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The Taming of the Geek

Last summer, I made my initial contributions to Fantasy Sharks with the article, ‘War and Draft,’ which was followed by an article I called ‘The General Theory of Entertainment, Interest and Funny.’ Times have changed since these pieces. Fantasy sports are headed down a new, digitalized path – a path which I had began to anticipate long over a year ago. In a direction that had been in the making for some time now. A new era has truly come to fruition. Maybe I am being overdramatic, but this new path may make things a lot more difficult for some of us who have been playing this fantasy game for a while, and who have had a long-standing advantage over the casual fan. But we shall march on.

This manifestation has occurred on the computer in front of you and on the television in the living room. With the ever-expanding fantasy universe on the web, the introduction of Twitter and Facebook, and of course the individual blog, every type of fantasy player, whether passionate or not, can call themselves a fantasy “expert” and give advice. More importantly, they also have the information at their disposal to become a league contender year in and out, even with limited research.

Maybe they do not go out of their way and spend hours writing contributions on fantasy websites for no pay (wink, wink) or building excel spreadsheets projecting results for the upcoming season, but the necessary information to win is readily available. The disparity between super geeks (come on, admit it) and the general public is dwindling. It’s easy to notice, and has been talked about by others but basically, fantasy sports have become mainstream.

What an everyday casual fantasy player can learn by doing a couple of hours of research on the internet (decent research in the right places) can put him in a position where a fantasy “fanatic” like myself may not have much of an upper hand. Throw in the usual luck, unpredictability of the game and a few glances at SportsCenter during the day and there you have it. The playing field isn’t necessarily leveled, but the scale is not tipping as largely as it had in the past. Dumb Jimmy Manager doesn’t always exist anymore and if he does, he is no longer picking Adam Vinatieri in the first round.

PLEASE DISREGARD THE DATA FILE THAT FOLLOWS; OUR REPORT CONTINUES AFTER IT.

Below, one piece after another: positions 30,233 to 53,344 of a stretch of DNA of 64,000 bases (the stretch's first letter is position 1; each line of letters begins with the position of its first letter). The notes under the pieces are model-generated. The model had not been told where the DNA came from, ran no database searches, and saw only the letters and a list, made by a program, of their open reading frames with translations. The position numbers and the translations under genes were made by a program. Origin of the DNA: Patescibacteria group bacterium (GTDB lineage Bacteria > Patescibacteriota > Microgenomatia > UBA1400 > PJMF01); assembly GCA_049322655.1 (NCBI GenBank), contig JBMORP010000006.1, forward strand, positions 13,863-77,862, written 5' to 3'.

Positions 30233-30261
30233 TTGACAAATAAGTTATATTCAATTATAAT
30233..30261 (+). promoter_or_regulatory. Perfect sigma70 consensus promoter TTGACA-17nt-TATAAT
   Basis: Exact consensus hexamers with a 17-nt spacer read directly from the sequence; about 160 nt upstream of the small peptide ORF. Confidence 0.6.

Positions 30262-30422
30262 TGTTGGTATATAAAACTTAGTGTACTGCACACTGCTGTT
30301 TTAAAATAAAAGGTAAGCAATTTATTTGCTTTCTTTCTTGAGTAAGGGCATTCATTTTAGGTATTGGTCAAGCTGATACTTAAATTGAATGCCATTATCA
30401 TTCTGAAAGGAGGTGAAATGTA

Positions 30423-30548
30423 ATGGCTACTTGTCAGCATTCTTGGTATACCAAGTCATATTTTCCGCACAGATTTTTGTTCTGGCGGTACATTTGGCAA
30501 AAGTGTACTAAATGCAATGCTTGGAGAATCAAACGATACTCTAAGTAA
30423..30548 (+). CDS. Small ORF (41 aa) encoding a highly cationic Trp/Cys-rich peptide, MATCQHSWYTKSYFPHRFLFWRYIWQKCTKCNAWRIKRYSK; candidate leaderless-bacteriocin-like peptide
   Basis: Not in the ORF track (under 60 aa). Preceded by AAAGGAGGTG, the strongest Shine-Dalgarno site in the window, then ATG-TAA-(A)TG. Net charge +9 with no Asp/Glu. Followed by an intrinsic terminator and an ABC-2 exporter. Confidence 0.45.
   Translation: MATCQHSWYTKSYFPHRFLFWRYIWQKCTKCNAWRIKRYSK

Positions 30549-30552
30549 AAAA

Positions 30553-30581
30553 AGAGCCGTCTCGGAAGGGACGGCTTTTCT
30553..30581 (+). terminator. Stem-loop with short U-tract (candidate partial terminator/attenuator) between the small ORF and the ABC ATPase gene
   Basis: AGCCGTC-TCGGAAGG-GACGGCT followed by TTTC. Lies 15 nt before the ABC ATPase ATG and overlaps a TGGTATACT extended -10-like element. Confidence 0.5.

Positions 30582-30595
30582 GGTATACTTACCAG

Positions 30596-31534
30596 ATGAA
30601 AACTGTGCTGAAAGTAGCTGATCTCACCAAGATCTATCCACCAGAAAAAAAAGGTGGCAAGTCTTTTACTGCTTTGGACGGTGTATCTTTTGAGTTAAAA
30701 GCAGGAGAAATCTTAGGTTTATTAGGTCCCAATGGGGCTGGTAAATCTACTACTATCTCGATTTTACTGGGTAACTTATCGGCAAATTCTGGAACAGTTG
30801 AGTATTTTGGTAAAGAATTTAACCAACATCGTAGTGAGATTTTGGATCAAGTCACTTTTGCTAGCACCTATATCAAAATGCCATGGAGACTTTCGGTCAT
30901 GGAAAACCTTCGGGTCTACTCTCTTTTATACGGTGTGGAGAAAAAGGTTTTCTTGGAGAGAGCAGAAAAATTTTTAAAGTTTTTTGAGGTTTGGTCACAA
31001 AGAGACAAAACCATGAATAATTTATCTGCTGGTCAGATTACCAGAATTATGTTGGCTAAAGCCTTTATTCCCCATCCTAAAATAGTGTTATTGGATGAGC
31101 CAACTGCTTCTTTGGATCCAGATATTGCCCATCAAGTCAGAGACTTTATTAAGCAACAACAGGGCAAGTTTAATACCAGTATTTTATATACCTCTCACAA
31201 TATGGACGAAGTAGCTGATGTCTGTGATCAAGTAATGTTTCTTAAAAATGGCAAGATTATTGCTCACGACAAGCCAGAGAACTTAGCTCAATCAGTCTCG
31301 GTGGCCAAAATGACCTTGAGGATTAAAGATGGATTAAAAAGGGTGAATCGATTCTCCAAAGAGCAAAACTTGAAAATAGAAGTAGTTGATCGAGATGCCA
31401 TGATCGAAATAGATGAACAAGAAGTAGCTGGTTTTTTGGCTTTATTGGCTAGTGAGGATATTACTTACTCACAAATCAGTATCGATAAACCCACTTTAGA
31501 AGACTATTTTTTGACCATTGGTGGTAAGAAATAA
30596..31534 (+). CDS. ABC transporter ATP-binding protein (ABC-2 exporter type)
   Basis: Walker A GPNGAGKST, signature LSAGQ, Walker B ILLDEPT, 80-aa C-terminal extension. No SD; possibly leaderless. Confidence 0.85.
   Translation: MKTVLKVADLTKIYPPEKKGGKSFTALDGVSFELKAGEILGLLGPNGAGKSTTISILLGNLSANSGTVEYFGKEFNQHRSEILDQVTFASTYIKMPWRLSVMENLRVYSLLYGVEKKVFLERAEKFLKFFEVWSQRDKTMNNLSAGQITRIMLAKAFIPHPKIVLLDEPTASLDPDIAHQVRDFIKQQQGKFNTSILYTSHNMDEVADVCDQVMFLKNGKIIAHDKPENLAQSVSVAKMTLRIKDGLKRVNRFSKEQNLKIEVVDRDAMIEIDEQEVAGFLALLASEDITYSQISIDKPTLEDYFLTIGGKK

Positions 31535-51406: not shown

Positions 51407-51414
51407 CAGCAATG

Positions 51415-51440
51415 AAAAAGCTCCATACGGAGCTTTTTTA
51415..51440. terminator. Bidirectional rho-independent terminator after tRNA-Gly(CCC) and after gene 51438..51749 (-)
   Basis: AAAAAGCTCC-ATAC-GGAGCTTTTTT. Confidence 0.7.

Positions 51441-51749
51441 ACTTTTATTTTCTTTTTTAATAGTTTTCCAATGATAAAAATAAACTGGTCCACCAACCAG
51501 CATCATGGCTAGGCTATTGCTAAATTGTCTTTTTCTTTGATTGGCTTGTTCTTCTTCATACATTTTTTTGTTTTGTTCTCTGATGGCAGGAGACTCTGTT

Don’t get me wrong, I am an advocate of the expansion of the game and the ability of people like me to try and get their names and ideas out to the general public. I am also an advocate of tougher competition and educated leagues which make me a better player. I love this game so much that I endorse the transition. A little more the merrier and survival of the fittest
. I look around and see opinions on my phone and websites like that of FantasySharks and appreciate the new ideas that the mainstream media and its correspondents have never developed or shined light on. All I am saying is that this is just evidence that fantasy is obviously growing and is everywhere. With that, people are exposed to it more.

For example, instead of just buying a magazine and walking in on draft day, Jimmy Manager may be checking his Twitter feed and is introduced to a new article. He’s like screw it; I have a few minutes. He likes the article. He remembers the site and then visits it more often. Jimmy Manager becomes a little more educated. Jimmy Manager begins to remember what worked for him and what doesn’t and evolves as a fantasy owner. He is no longer just mowing through his top 200 list from website A, but now is assessing player values and different strategies.